Unless a writer tape records her interviews, has mastered shorthand, or conducts her interviews by email, the questions and answers she publishes will rarely be a word-for-word transcription of what the interviewee said. A writer should, of course, do her level best to record the interviewee's actual words. However, unless an interview is unusually adversarial, the interviewee will seldom complain about minor disparities in wording as long as you have accurately reported the facts and captured the essence, tone, and spirit of what the interviewee had to say.
Interviews give rise to some interesting issues of journalistic ethics: Should you correct an interviewee's, you know, verbal tics and grammatical mistakes? Should you publish a verbatim acount of your interviewee's distinctive dialect or convert his words into standard English? The Associated Press says "no":
We do not alter quotations, even to correct grammatical errors or word usage. If a quotation is flawed because of grammar or lack of clarity, the writer must be able to paraphrase in a way that is completely true to the original quote. If a quote's meaning is too murky to be paraphrased accurately, it should not be used.Journalists may worry about such things, but they are seldom, if ever, the stuff of lawsuits.
But beware of the man who claims that he has been misquoted in a way that makes him look bad -- unprofessional, bigoted, ignorant, malevolent, crooked, violent -- whereas an accurate quotation would have made him look like the upstanding citizen he believes himself to be. And be aware that (inaccurately) putting words into your interviewee's mouth that diminish his reputation and expose him to "hatred, contempt, or aversion" can, in fact, be actionable.
As the Supreme Court explained in the the famous (to libel lawyers) case of Masson v. New Yorker Magazine:
A fabricated quotation may injure reputation in at least two senses, either giving rise to a conceivable claim of defamation. First, the quotation might injure because it attributes an untrue factual assertion to the speaker. An example would be a fabricated quotation of a public official admitting he had been convicted of a serious crime when in fact he had not.
Second, regardless of the truth or falsity of the factual matters asserted within the quoted statement, the attribution may result in injury to reputation because the manner of expression or even the fact that the statement was made indicates a negative personal trait or an attitude the speaker does not hold.Jeffrey Masson alleged that he had been the victim of the latter form of misattribution. Masson is a noted psychoanalyst who was at one time the Project Director of the Sigmund Freud Archives. In 1982, Janet Malcolm interviewed him for a lengthy New Yorker profile, which was later expanded into a book, entitled In the Freud Archives. One reviewer said that the book portrayed Masson "as a grandiose egotist — mean-spirited, self-serving, full of braggadocio, impossibly arrogant and, in the end, a self-destructive fool." Masson read it that way, too, and sued for defamation, primarily complaining that Malcolm invented a series of quotes that made him look unprofessional. Malcolm denied that she had done anything of the kind. Here, The New York Times identifies the most famous phrases that Masson challenged:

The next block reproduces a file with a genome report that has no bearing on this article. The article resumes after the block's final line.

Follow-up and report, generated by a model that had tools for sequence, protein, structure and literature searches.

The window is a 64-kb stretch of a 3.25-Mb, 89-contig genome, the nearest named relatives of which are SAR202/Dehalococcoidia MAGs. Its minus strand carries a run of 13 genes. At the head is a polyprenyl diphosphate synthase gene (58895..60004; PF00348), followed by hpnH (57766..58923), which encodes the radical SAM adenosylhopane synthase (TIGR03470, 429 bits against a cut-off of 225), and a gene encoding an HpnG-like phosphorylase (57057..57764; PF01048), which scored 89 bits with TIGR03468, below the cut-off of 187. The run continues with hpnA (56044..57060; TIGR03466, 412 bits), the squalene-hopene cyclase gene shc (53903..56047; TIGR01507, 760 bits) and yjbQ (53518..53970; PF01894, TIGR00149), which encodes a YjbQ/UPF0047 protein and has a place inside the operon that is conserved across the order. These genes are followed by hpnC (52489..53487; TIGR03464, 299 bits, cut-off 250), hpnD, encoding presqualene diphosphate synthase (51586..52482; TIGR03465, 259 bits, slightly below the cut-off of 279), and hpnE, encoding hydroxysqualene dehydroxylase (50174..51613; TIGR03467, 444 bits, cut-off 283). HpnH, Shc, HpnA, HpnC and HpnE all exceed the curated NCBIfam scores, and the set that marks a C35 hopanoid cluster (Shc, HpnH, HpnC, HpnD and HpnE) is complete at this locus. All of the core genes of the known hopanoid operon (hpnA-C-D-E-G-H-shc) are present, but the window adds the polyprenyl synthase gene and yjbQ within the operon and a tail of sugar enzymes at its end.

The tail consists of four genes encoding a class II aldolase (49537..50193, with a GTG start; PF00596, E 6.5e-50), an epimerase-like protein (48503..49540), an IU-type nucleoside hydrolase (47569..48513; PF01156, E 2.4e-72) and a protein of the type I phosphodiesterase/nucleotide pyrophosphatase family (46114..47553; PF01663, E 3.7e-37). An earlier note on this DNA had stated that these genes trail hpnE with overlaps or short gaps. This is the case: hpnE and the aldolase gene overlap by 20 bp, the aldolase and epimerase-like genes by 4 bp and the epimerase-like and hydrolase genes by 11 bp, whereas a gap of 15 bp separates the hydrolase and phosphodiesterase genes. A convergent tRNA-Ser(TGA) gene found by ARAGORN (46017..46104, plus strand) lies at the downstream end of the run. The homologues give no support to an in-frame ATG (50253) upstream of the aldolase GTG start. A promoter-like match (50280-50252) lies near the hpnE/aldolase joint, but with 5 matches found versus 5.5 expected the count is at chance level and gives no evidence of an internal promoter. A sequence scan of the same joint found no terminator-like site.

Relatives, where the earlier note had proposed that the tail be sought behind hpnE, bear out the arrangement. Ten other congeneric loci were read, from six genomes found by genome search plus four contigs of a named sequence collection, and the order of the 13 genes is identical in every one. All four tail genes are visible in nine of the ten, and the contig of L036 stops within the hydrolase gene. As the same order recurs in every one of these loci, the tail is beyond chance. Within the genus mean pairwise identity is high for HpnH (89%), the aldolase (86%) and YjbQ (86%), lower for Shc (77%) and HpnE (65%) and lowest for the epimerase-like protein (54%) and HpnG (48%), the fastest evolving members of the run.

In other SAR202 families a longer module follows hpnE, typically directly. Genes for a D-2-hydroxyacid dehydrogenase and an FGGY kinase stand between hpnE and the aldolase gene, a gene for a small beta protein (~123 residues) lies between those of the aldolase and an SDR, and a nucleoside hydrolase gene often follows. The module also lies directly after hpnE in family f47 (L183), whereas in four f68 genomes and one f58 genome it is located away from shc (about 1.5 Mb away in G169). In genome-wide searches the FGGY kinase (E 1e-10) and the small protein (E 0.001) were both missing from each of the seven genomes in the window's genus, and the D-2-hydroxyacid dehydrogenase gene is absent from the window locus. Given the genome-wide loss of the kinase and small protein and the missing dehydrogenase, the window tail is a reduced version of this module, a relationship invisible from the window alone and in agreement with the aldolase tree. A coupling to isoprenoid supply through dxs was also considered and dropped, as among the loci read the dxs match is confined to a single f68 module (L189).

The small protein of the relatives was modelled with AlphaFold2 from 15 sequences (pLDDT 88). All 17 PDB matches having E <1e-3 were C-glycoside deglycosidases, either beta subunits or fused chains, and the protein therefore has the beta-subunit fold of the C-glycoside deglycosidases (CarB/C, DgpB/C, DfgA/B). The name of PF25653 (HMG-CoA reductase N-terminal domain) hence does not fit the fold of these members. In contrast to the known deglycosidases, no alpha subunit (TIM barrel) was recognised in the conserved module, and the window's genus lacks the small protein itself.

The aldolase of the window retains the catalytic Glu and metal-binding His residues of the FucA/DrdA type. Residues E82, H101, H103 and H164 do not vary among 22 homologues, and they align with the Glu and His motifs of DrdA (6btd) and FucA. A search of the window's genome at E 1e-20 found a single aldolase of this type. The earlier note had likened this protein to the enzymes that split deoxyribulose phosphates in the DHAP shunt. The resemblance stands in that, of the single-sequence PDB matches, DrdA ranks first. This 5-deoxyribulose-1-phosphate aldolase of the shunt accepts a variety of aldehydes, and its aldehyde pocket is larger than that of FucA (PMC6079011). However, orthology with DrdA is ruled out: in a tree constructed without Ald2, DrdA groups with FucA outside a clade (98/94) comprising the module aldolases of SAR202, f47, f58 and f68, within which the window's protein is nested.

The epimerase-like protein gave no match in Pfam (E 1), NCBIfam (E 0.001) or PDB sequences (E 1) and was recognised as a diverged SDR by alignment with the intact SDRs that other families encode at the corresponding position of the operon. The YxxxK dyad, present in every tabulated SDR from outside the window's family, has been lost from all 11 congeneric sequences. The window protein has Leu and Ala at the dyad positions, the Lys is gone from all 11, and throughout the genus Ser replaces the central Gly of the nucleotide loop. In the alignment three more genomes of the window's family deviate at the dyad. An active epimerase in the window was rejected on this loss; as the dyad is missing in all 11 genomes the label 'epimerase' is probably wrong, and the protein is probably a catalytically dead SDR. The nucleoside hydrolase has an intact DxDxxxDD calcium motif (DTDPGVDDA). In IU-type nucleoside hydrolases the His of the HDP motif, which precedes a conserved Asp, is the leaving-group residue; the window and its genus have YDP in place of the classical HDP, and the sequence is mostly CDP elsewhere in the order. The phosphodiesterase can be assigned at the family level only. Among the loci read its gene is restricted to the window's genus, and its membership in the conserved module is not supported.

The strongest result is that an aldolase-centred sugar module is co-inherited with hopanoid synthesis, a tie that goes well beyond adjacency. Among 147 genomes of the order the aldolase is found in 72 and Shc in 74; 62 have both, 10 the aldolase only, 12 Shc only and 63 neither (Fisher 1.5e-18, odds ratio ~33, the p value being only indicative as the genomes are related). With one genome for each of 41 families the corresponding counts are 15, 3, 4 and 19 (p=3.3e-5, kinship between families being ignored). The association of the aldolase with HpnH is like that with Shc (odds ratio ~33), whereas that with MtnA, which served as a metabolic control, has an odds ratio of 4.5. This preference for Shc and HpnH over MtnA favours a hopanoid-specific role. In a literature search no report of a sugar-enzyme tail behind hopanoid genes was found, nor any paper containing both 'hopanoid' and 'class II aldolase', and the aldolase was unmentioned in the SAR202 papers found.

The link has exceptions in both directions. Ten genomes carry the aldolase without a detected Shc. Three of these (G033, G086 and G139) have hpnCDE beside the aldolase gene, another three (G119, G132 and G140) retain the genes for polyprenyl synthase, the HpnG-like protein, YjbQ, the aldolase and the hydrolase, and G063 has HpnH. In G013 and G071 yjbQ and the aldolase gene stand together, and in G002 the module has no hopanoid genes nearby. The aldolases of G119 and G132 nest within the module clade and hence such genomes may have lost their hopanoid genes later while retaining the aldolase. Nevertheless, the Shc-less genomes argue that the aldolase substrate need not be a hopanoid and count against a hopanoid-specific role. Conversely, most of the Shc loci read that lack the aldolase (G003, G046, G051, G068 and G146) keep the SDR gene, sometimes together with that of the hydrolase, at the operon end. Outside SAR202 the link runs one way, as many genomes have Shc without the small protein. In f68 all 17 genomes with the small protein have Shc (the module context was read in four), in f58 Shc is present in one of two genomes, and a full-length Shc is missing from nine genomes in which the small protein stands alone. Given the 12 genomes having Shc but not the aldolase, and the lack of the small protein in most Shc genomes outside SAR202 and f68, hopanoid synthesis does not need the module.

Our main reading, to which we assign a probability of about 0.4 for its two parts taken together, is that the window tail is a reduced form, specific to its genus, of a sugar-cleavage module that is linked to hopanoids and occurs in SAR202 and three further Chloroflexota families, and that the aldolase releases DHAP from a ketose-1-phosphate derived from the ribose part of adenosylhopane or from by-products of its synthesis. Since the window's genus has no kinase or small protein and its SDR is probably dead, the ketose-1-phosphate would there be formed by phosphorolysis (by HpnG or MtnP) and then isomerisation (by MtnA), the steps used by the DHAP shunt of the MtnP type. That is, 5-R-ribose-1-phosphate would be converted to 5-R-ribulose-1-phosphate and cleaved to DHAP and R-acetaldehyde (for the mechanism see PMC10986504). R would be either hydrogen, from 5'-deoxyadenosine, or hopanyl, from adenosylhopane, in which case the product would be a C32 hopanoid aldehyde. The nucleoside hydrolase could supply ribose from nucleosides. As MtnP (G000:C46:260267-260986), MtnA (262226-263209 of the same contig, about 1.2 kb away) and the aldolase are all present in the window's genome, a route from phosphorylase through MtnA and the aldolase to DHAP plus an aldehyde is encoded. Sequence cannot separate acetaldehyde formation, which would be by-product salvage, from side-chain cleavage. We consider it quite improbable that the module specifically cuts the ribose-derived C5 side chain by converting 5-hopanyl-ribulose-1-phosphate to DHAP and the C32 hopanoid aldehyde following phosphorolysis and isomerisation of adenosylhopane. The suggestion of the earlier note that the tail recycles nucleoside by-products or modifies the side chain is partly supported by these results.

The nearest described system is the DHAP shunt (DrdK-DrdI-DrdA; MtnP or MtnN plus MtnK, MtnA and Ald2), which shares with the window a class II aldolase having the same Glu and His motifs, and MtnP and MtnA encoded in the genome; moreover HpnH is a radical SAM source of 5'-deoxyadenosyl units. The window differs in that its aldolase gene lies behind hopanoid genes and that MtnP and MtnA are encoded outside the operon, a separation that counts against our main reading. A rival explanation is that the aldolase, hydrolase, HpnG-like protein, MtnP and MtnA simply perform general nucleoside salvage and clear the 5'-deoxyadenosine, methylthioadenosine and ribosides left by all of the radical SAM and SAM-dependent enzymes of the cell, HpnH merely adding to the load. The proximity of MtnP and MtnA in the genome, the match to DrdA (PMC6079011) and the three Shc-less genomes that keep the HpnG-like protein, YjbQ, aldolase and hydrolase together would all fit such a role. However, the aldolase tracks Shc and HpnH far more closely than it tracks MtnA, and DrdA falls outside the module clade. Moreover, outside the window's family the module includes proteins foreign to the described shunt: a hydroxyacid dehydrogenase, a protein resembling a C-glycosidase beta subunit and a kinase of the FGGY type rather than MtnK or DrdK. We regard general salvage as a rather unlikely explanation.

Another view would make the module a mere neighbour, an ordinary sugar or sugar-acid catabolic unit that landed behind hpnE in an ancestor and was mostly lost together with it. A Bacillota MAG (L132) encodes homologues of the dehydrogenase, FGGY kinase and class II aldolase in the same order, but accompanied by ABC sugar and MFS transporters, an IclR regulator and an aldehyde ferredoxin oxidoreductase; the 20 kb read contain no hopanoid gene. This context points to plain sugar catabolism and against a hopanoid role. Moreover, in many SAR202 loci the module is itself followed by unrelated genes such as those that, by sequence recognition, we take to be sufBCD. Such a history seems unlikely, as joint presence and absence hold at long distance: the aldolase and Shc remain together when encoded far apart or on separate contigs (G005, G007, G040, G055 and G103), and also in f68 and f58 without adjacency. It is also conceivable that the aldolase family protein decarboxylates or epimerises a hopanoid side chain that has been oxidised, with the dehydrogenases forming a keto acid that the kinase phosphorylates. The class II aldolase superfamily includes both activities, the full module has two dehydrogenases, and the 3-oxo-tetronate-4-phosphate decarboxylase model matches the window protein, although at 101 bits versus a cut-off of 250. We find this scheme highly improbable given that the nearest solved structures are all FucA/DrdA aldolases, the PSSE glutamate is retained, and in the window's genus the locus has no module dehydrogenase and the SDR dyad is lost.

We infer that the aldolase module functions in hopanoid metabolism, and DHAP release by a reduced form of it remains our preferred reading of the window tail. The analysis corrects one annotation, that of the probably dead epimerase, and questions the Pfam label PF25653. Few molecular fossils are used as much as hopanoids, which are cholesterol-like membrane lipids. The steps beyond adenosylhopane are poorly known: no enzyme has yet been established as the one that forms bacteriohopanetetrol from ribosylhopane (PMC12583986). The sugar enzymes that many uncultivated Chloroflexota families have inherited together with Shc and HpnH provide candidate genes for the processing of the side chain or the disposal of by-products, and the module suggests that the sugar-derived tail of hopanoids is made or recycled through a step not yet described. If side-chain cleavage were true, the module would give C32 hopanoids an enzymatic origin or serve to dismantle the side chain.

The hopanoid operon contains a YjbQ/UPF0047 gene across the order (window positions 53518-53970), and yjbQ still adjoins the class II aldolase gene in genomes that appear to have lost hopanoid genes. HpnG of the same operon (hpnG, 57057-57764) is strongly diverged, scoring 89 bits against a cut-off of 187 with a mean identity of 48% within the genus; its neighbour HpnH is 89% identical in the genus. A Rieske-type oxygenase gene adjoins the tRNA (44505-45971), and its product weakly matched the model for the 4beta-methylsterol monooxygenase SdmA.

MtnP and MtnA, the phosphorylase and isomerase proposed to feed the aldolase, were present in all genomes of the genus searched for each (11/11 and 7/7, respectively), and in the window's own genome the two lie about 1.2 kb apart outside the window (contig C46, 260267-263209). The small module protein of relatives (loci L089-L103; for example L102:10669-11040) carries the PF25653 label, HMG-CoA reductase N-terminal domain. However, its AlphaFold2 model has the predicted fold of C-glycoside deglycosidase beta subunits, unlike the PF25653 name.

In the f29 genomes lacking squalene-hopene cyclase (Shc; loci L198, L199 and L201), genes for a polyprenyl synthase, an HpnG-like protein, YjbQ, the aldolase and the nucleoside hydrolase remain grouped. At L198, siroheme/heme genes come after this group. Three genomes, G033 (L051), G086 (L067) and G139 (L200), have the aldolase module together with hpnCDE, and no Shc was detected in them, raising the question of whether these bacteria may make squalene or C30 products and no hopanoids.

In three of the five disputed quotations in the two-part, 45,500-word article, Ms. Malcolm wrote that Mr. Masson had said he hoped to turn Freud's home into "a place of sex, women, fun"; that two prominent psychiatrists considered him "an intellectual gigolo," and that he himself would one day be considered the "greatest analyst who ever lived."Malcolm had tape recorded some of her interviews. But she testified that she had taken handwritten notes of other conversations, which she believed that she had discarded after typing them up; it was during these unrecorded conversations that the challenged statements were made (according to Malcolm) or not made (according to Masson).
The case went all the way to the U.S. Supreme Court and back down again to trial. In all, there were five quotations at issue; a jury ultimately found that some of the quotes were substantially accurate, some were not, but none of the erroneous quotations was written with reckless disregard for the truth, the minimum level of fault that Masson, as a public figure, had to prove to establish liability.